As we said before, your active participation in your own treatment is key. Here are some of the considerations in applying the NTM treatment guidelines to YOU and your health:
Taking Medicines – You will likely need to take multiple medications. Take all your medicines every day for as long as needed. Do not stop when you begin to feel better. The doctor will tell you when the bacteria have been controlled for long enough to stop taking your medicines. Your medications may have some side effects. Call your doctor to discuss any side effects to determine whether your medicines should be changed, or the dosage altered. If you are having a severe reaction, call your doctor or pharmacist immediately. Try to tolerate mild side effects. They are less harmful than the long-term effects of uncontrolled NTM infections. (You can learn more about medications and side effects, and print out a medication schedule to help you keep track.)
Types of Medicines
Hearing, Vision and Other Testing – Some of the antibiotics your doctor may prescribe can affect your hearing or vision. By the time you perceive a problem, it may be too late, so regular checkups are recommended. Other antibiotics may damage your hearing initially, in the high-frequency range, so you might not notice the damage until it has progressed. Ask your doctor about getting baseline tests on your hearing and vision when beginning treatment for NTM lung disease. For your vision, it may be advisable to see a neuro-ophthalmologist because the vision damage may require special training or equipment to detect. Patients with certain heart conditions may be at risk of developing a dangerous irregular heart rhythm when taking certain types of antibiotics. Speak with your doctor about getting evaluated for these conditions and having regular EKGs if taking one of these medications.
Clear your lungs and sinuses (airway clearance) – extra mucus can collect in your lungs and make you sick. You and your doctor or respiratory therapist may have selected one or more ways to clear the mucus from your lungs. It could be chest physical therapy (chest PT) with postural drainage, use of an oscillating positive expiratory device, use of a pep valve or an inflatable or electric vest, or inhaled saline solution. The respiratory therapist will likely teach you additional clearance methods including a deep or “huff” cough. Whatever methods of mucus clearance you have discussed with your doctor, remember that every time you cough out infected mucus, there is that much less in your lungs to do damage and that much less for the antibiotics to overcome. Your doctor and respiratory therapist will decide which methods you should use and will teach you how to do them.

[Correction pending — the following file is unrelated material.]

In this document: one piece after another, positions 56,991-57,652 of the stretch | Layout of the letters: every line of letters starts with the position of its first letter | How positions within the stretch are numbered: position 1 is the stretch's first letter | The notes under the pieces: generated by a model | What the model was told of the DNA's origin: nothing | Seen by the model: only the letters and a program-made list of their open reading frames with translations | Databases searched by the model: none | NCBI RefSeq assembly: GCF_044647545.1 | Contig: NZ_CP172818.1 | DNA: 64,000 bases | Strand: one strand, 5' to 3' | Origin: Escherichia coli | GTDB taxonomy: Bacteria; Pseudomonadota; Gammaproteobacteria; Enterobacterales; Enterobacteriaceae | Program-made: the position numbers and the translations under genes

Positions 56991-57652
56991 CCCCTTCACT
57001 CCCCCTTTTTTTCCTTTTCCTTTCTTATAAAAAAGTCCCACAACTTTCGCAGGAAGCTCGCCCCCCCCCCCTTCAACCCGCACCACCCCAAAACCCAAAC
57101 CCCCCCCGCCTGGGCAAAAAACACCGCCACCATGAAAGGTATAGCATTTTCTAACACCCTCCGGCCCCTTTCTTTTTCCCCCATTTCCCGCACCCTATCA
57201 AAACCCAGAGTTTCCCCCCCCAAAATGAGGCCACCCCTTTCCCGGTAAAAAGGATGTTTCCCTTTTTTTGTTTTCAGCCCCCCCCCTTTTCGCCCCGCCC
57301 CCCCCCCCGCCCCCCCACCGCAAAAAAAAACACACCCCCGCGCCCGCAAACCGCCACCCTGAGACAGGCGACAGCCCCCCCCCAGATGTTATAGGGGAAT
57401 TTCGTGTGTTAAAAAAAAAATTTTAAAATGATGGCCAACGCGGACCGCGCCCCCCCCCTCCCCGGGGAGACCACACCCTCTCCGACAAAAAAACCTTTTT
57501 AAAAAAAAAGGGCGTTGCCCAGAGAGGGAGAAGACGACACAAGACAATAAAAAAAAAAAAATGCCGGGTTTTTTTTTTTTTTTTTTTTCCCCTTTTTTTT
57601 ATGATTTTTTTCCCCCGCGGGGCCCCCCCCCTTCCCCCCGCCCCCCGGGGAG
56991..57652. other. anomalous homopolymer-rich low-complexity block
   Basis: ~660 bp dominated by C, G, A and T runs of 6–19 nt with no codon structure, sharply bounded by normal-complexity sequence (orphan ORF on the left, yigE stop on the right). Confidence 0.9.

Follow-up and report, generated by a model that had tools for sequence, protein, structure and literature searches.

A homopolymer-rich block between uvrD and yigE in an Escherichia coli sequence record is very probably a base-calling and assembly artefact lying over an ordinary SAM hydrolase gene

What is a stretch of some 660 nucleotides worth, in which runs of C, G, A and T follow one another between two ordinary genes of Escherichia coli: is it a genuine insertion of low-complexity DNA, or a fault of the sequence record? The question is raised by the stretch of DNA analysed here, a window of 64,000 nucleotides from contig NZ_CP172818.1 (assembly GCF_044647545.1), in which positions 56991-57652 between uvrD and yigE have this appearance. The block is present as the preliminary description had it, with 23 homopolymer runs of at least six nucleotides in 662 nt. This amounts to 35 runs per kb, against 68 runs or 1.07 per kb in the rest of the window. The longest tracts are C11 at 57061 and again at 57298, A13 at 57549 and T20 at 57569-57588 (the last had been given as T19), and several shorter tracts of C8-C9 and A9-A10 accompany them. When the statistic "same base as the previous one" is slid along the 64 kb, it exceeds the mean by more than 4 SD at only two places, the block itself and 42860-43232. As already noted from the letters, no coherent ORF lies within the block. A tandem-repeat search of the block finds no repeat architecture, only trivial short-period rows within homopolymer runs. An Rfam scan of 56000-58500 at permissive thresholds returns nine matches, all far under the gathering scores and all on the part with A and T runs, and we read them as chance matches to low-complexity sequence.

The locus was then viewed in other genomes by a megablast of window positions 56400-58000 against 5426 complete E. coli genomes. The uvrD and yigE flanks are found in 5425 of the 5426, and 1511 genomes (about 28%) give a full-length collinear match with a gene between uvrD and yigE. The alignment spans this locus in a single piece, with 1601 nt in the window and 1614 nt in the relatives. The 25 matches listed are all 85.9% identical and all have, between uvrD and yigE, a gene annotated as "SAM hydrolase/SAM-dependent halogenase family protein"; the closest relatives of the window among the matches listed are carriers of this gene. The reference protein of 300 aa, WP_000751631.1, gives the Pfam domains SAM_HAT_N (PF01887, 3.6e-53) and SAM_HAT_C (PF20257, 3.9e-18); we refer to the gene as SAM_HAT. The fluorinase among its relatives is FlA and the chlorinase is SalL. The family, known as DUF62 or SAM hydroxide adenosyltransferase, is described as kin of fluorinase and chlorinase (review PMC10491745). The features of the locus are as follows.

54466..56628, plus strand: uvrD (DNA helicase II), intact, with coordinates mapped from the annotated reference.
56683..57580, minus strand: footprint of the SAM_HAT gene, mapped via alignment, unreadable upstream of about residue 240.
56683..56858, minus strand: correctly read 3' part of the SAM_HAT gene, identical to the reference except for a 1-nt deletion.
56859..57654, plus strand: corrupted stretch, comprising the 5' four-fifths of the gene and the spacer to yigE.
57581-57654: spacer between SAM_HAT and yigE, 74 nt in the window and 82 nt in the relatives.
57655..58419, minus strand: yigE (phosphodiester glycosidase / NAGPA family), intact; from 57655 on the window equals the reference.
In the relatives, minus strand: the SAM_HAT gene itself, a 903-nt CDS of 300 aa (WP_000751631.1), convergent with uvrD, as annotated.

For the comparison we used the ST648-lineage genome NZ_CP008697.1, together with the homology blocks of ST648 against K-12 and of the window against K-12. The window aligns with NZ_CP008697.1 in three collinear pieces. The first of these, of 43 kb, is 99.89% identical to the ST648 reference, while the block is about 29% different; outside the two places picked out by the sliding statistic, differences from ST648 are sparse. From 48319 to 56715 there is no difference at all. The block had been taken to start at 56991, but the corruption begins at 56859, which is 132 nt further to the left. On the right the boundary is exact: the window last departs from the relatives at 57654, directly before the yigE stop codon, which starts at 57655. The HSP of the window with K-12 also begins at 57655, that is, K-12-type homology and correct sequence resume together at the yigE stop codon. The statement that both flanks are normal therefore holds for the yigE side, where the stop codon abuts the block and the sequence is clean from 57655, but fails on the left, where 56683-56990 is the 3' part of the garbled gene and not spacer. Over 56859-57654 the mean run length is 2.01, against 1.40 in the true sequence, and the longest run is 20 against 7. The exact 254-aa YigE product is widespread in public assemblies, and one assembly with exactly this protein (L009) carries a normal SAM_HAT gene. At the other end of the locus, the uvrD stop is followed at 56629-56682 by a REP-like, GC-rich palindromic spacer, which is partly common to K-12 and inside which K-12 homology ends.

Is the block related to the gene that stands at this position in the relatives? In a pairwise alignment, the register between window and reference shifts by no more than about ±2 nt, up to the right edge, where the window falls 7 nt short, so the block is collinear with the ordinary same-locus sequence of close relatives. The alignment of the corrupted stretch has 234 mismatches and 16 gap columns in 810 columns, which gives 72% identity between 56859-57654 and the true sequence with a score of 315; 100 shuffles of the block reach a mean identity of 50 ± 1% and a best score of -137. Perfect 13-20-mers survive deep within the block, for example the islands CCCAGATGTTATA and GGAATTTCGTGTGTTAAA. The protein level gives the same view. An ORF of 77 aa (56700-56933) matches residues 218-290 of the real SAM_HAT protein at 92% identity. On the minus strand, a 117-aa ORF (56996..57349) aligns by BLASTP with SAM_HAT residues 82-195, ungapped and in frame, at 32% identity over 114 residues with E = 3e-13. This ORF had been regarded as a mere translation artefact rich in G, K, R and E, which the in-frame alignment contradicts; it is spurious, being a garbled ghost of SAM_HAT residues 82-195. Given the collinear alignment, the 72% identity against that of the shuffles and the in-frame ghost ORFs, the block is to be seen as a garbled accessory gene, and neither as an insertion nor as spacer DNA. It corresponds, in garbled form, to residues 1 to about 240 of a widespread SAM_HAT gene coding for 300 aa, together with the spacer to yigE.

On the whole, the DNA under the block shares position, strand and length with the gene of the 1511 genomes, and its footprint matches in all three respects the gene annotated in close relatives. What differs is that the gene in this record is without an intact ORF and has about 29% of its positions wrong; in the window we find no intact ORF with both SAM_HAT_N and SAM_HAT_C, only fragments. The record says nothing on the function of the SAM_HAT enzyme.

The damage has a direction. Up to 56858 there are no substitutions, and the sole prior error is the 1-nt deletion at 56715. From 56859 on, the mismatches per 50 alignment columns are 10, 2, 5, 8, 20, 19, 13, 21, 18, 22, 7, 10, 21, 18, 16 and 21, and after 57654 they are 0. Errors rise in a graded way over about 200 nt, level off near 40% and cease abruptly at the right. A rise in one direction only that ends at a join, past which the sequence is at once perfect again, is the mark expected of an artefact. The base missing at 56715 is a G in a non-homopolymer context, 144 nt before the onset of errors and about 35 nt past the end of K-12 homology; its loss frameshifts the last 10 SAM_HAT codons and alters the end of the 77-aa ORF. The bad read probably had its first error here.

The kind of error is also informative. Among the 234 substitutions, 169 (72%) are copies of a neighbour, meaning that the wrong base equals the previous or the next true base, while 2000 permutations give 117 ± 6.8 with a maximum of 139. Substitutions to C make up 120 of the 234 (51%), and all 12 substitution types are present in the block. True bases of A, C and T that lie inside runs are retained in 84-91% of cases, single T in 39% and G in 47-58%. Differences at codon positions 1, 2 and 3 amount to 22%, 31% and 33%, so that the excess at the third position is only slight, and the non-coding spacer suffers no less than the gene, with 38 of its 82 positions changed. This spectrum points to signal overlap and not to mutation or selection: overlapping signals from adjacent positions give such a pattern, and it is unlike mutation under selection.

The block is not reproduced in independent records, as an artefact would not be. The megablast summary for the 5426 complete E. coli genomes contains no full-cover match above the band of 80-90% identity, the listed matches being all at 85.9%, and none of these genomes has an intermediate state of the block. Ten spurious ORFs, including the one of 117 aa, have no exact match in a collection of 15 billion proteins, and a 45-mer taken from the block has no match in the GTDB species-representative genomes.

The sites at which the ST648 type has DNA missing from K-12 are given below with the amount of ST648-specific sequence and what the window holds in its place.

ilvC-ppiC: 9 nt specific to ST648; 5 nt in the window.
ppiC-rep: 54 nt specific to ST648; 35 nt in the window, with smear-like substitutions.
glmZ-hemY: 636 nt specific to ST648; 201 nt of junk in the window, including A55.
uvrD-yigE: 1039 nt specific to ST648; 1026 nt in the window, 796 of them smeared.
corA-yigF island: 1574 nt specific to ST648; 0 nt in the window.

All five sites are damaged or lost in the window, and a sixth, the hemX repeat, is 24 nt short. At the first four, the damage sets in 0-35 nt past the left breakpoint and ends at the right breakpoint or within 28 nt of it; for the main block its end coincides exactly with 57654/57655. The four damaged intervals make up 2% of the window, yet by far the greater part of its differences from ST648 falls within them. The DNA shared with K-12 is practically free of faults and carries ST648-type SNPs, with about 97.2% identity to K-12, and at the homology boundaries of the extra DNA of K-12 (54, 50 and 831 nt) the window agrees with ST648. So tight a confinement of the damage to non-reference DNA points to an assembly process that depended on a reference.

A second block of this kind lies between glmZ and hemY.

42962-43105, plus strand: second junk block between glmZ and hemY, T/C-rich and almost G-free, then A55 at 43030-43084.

Your doctor may have instructed you to do a sinus wash once or twice a day. If so, be sure that you know the correct procedure. The purpose of a sinus wash is to get rid of excess mucus and to prevent this mucus from draining into your lungs. It is extremely important to avoid using contaminated equipment that could introduce some other infection. A respiratory therapist will show you how to do the sinus wash. (Click here for sinus wash guidelines)
Stay Well Hydrated – patients with NTM disease need fluids. Fluid is essential for thinning mucus secretions, which in turn helps you clear mucus from your airways. It also helps your kidneys and liver process medications. Try to minimize drinks such as alcohol and coffee, tea or any other drink that acts as a diuretic and actually results in dehydration.
Exercise – exercise is important to help maintain and improve endurance overall. Some patients report that the hard breathing associated with exercise helps them clear their lungs. Weight training can also help muscles become more efficient at extracting oxygen from your blood. Exercise is a recommended part of most treatment plans, but you must discuss the extent and type of exercise with your doctor before starting.
Take care of your mental health – Many patients with chronic illnesses have reported that the impact on their daily routine and social life leaves them feeling depressed. Dealing with NTM lung disease can be overwhelming, and you should use as many resources as you need for support. In addition to our online forum and local support groups, if you are feeling depressed, speak with your doctor about additional mental health support, whether it’s medication or a therapist.